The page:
The Yuma office of the U.S. Bureau of Land Management is in the midst of an “emergency gather” of wild burros and horses from desert areas around Yuma County, a small piece of the response officials say is needed to address the threat posed by their overpopulation of the desert.
The problems related to free-roaming burros in the county’s northern reaches have been known for years, and this roundup is being done at the request of Yuma Proving Ground, which has reported an increase in collisions and near-misses between cars and the equine animals on Highway 95 north of Yuma, where rapid breeding allows the herds to grow by 15 percent to 18 percent a year.
“With these rains we’ve had up north it is pulling them away from the highway a little bit” in the past week, said John MacDonald, manager of the BLM’s Yuma field office, but the fear of a person dying from a vehicle-burro collision is always present. On average, about 20 burros a year are hit on the roads around YPG.
The animals have also traipsed into agricultural fields, ruining otherwise productive crops.
“We’ve gotten complaints from Dome Valley and also around Bard about the burros wandering into their fields, especially when they have produce in them. And the burros are contaminating the fields, and they can’t harvest within any obvious signs of burro in their fields,” he said.
Their incursions into the Imperial National Wildlife Refuge to drink from the Colorado River also lead to destruction of riparian vegetation.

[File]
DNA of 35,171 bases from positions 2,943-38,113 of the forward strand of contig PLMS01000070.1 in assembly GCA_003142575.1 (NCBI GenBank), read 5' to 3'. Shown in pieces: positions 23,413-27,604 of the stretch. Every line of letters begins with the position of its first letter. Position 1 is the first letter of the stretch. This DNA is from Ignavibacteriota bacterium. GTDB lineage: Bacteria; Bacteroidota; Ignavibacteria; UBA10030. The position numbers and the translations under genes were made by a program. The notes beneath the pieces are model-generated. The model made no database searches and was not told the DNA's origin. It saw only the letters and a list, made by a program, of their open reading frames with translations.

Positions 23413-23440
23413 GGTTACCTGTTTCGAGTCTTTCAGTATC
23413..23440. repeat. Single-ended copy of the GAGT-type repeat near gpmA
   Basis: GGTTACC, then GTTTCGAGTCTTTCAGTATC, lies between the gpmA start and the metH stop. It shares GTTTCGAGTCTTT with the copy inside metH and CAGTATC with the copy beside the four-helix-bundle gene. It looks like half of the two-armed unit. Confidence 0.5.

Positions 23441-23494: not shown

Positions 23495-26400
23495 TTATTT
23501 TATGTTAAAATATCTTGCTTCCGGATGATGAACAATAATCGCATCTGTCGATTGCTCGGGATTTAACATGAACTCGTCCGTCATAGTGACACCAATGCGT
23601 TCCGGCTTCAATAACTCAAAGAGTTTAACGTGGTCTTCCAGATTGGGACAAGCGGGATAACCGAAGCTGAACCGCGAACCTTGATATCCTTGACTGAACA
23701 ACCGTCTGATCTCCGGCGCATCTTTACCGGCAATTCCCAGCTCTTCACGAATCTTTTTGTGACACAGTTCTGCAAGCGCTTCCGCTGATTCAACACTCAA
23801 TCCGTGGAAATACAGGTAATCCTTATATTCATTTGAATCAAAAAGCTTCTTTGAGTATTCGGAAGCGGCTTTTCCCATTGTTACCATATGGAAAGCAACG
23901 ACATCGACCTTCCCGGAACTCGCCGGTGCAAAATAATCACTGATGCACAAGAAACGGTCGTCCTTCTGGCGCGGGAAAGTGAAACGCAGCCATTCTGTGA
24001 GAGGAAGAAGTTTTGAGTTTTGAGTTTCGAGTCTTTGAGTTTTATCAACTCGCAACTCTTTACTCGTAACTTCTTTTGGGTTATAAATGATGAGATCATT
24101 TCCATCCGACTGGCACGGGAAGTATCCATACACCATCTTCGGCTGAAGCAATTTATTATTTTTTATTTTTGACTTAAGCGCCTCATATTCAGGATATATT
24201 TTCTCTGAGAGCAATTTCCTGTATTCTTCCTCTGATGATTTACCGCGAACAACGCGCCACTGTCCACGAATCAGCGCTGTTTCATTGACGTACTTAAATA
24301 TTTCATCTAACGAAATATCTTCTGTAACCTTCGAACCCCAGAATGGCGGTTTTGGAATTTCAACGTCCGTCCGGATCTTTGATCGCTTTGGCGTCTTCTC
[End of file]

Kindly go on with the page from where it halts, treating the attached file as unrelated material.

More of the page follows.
John Hall, rangeland management specialist for Yuma’s BLM office, said the current gather so far has netted 34 burros and nearly as many horses, 31.
Both species are more mobile at night during the summer months, so that’s when drivers need to be especially careful. And horses, due to their size, can be even more dangerous to collide with.
“Horses were one of the big drivers for this whole thing,” he said. “Pretty much every year, I have the ability to go out and trap burros, as nuisance animals, but I’ve been working on this for about five years, to actually get the horses to go through. They tend to be a little more controversial with the public.”
They have been particularly damaging to YPG’s Kofa Firing Range on Aberdeen Road, he said. “They’ve been causing a lot of damage to the buildings, they’ll break water pipes, whatever they need to do to get water. That’s why the horses have been a big issue. We’re really grateful we’ve been able to actually start removing these ones and getting them to a safer place,” Hall said.